Owning the Past Why the English Collected Antique Sculpture, 1640–1840 Ruth Guilding

Publication date:
23 Oct 2014
Paul Mellon Centre
412 pages: 292 x 241mm
100 color + 200 b-w illus.
Sales territories:


In a lively re-examination of the British collectors who bankrupted themselves to possess antique marble statues, Owning the Past chronicles a story of pride, rivalry, snobbery, and myopic obsession with posterity and possession. Analyzing the motives that drove “Marble Mania” in England from the 17th through the early 19th century, Ruth Guilding examines how the trend of collecting antique sculpture entrenches the ideals of connoisseurship and taste, exacerbates socioeconomic inequities, and serves nationalist propaganda. Even today, for the individuals or regimes that possess them, classical statuary performs as a symbol of authority or as the trophies of a “civilized” power. From Adolf Hitler posing for the press beside an ancient copy of Myron’s Discobolus to the 2002 sale of the Newby Venus for a record price of about $13 million to the Emir of Qatar, marble mania remains unabated. With insider access to private collections, Guilding writes with verve and searing insight into this absorbing fixation.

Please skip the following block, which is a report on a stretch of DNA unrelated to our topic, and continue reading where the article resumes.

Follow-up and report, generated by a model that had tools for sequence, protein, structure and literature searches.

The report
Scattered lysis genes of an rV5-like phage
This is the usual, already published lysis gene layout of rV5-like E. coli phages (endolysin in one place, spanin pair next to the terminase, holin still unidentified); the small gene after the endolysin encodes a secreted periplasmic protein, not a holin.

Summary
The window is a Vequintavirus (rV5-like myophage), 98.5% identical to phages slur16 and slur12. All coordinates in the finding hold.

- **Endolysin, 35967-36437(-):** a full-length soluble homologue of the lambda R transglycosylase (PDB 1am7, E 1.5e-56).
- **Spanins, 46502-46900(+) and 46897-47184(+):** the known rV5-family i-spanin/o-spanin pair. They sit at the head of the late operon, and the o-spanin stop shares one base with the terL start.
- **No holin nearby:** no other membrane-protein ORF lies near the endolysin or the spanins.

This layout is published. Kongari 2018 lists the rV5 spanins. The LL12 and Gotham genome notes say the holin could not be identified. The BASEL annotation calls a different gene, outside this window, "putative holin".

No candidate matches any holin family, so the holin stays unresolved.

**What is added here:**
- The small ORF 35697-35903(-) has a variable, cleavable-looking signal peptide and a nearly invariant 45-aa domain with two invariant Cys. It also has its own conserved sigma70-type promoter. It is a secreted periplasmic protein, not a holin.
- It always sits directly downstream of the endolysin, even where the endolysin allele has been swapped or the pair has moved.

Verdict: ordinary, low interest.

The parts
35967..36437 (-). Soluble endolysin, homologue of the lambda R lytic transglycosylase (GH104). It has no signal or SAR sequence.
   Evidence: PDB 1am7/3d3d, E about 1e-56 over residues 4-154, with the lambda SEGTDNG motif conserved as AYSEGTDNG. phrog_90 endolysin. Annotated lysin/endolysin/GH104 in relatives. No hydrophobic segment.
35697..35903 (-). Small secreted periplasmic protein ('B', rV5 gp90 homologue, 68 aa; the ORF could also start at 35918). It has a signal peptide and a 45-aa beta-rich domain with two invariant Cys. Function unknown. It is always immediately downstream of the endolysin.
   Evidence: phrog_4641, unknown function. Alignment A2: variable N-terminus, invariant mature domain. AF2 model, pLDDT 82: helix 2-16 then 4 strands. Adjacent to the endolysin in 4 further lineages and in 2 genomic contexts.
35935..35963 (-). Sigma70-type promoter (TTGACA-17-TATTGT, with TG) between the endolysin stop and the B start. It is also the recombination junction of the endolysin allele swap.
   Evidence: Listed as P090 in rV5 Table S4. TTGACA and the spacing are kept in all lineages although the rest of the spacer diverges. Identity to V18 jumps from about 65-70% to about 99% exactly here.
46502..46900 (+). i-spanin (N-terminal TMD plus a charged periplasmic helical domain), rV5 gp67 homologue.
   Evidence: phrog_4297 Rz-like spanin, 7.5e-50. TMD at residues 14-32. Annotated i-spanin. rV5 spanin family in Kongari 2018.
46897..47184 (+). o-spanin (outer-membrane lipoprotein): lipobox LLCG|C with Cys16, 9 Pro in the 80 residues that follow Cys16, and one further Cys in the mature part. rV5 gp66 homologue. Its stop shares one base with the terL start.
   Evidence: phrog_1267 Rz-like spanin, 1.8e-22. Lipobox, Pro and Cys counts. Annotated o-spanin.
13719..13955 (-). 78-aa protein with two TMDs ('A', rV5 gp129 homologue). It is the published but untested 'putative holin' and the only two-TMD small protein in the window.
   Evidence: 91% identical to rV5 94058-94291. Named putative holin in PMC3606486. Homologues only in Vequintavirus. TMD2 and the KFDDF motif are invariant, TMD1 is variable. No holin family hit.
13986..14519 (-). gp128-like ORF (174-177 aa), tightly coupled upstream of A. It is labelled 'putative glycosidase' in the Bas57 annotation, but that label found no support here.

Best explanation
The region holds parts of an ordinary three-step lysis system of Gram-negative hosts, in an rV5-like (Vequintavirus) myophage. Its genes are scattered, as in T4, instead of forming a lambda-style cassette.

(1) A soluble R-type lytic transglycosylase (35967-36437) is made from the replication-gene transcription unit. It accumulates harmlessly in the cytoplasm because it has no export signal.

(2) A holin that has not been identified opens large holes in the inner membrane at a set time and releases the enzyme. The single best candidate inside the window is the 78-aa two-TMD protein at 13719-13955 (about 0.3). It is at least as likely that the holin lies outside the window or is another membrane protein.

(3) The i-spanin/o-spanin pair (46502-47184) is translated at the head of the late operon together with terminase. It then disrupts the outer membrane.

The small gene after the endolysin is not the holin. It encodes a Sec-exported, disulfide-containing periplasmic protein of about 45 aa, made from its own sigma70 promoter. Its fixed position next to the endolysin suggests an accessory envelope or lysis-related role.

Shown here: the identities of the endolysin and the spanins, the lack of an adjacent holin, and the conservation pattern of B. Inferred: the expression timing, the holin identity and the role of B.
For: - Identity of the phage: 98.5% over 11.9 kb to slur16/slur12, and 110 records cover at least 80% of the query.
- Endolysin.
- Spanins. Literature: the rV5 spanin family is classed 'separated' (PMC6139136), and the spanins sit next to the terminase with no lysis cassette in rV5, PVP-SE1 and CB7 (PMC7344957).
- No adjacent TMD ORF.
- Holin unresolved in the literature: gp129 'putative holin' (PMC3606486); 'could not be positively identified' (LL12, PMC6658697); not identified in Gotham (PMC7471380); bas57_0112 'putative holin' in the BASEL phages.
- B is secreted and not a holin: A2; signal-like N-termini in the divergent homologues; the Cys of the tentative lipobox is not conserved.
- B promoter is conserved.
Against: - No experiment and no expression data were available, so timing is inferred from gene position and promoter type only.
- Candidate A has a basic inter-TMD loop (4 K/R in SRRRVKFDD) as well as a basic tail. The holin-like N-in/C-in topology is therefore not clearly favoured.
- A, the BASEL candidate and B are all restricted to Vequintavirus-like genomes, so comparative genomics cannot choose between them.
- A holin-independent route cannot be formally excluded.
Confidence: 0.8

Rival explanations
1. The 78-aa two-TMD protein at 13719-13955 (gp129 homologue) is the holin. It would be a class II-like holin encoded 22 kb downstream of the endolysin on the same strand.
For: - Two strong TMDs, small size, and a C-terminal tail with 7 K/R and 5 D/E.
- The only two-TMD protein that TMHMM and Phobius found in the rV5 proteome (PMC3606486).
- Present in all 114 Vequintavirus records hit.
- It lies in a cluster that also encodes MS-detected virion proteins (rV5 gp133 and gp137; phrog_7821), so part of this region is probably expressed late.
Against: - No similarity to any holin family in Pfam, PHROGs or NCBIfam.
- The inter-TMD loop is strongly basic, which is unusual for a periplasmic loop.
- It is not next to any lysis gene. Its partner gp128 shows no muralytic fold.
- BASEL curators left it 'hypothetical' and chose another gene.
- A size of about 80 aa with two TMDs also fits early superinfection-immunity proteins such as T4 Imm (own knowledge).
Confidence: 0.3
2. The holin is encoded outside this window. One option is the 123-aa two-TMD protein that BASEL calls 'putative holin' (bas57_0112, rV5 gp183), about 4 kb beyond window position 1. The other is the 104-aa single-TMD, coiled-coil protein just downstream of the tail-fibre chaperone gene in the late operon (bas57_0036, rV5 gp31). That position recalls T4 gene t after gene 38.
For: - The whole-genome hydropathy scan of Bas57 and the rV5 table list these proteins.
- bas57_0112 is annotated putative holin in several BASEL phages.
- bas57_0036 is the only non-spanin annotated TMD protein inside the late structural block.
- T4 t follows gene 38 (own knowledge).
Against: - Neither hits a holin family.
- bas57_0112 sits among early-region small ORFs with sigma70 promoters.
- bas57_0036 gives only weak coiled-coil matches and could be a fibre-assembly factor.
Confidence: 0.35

Ruth Guilding is an independent scholar and critic.

‘The result of years of research and exclusive access to little-known private collections, Guilding’s book tackles the bankruptcies, rivalries, unbridled snobbery and social snakery in the world of collecting. More riveting than Downton Abbey.’—Vanity Fair


'Most unusually, the actual reach of Ruth Guilding’s mighty and compelling new study is far wider than the already large subject of ‘Why the English Collected Antique Sculpture, 1640-1840.'— David Ekserdjian, The Spectator

‘Beautifully illustrated, particularly with installation photographs both old and new, this enthralling book has a lifetime’s use ahead as the intelligent wanderer’s companion.’—Brian Sewell, Evening Standard.

‘For anyone wishing to pursue an interest in the subject, there could hardly be a more alluring or stimulating guide than this impressive work.’—Giles Waterfield, Art Newspaper.